'Te Ahi Kai Pō' - a song which tries to find resolve through times of despair.
Ria Hall's has released the stunning video for her single, 'Te Ahi Kai Pō', meaning 'the fire burning away the darkness'. The video arrives on the anniversary of the Battle of Te Ranga (June 21, 1864), which was a key inspiration for the track. The Battle saw an unplanned slaughter of many of the local Māori by the invading British, two months after their success at the Battle of Pukehinahina.
“I've used this battle as a metaphor for the composition, contemplating on how to find solace and peace after the onslaught and dispossession. This song is applicable to anyone through any phase of their lives where times are challenging, and encourages an introspective look to find the fire burning within. It is a constant reminder that no matter how tough it gets, there is always a way to achieve resolution and peace within.” – Ria Hall
Co-written with her close friend Te Ori Paki and produced alongside Tiki Taane, the track is an epic and bold tale, with the lyrics combining with the soundscape to creating a hauntingly-emotive aesthetic, which is further shown through the official video.
Directed by Shae Sterling, the video was shot on location at Auckland’s Ihumātao, also known as the Otuataua Stonefields Historical Reserve. It is a location which has been occupied by the local Māori since the 11th Century, and is steeped in significant Māori stories and histories, spanning over generations.
While 100 hectares of this land is today protected, it has been a hard fight for Tangata Whenua and conservationists to save this land from the growing urban sprawl. It is a battle which is ongoing, and one with Hall and Sterling offer unwavering support towards.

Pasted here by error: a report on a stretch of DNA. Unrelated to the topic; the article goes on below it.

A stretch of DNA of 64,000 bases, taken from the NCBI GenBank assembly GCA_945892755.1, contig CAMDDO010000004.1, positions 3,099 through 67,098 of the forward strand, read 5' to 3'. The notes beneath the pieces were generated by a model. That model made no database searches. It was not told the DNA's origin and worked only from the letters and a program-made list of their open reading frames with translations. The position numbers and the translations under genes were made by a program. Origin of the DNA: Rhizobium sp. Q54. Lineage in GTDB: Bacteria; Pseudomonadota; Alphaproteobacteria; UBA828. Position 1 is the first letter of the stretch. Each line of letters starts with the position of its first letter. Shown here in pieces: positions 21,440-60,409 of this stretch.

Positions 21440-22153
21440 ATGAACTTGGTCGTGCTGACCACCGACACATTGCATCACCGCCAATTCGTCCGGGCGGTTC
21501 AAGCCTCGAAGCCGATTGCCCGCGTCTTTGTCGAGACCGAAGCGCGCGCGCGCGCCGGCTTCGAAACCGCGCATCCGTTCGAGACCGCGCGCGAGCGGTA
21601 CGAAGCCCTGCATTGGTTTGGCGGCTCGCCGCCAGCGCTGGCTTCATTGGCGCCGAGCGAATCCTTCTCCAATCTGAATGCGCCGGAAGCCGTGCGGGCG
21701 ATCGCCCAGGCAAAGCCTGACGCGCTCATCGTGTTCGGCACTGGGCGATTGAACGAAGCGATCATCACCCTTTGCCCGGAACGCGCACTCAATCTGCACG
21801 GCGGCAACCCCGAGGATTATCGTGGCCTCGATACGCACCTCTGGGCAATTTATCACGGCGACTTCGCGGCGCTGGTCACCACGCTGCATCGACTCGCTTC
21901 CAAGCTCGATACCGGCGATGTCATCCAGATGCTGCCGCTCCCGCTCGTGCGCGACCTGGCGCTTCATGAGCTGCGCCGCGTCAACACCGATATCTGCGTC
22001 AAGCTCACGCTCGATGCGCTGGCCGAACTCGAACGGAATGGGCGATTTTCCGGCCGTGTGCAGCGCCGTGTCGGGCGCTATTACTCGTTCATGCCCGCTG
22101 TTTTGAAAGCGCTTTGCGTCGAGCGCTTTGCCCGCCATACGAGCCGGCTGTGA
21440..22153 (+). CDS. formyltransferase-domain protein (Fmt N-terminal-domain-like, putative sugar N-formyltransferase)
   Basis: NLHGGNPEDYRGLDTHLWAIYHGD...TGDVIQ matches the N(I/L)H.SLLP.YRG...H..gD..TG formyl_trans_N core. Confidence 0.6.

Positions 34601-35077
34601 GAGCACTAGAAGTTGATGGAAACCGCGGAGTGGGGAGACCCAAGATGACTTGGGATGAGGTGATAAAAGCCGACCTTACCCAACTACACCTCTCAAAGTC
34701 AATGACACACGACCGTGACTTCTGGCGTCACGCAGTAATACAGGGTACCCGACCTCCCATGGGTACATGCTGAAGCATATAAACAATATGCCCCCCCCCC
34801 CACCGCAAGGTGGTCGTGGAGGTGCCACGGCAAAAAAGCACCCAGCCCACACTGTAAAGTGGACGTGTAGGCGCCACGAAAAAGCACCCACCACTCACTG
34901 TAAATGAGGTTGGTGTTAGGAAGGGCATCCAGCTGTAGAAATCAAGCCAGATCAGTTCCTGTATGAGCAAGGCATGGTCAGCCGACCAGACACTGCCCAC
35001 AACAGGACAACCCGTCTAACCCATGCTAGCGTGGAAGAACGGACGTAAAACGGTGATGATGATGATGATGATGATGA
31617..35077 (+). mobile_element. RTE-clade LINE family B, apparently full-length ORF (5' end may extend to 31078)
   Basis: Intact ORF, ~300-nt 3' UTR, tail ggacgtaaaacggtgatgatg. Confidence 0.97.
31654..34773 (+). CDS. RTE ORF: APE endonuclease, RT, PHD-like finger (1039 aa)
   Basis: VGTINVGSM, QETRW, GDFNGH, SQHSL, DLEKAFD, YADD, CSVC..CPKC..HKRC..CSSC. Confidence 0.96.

“It’s a space where you feel its wairua as soon as you enter onto the whenua. We felt compelled to shoot our video at Ihumātao to carry on the message of resilience, reaffirming the fire burning within that will never be extinguished.” – Ria Hall
“I wanted to symbolise the aftermath of war, the loss of life, and loss of culture with this video. We used infrared to help take the audience to a surreal place, like a vacant memory, a place of purgatory.” – Shae Sterling
The battle of Te Ranga in June of 1864 is the inspiration for this song, which was an unplanned slaughter of many Māori. This spiritless attack was in retaliation to the battle of Pukehinahina, where the British found themselves at a loss to the Māori.
"The Battle of Te Ranga is the inspiration behind this piece. This battle was the price my people paid for victory against the British at Gate Pā some 2 months earlier....
Nā te aha rā koe i moumou atu ai?
Ko te kura koti whero
He onekura toto te whakangarotanga
Ki te riu o te whenua
Why was your life wasted in this battle?
The sea of red coats
The land stained with blood
Lost you are, to the pits of the earth…" - Ria Hall
Made with funding from and thanks to Te Māngai Pāho.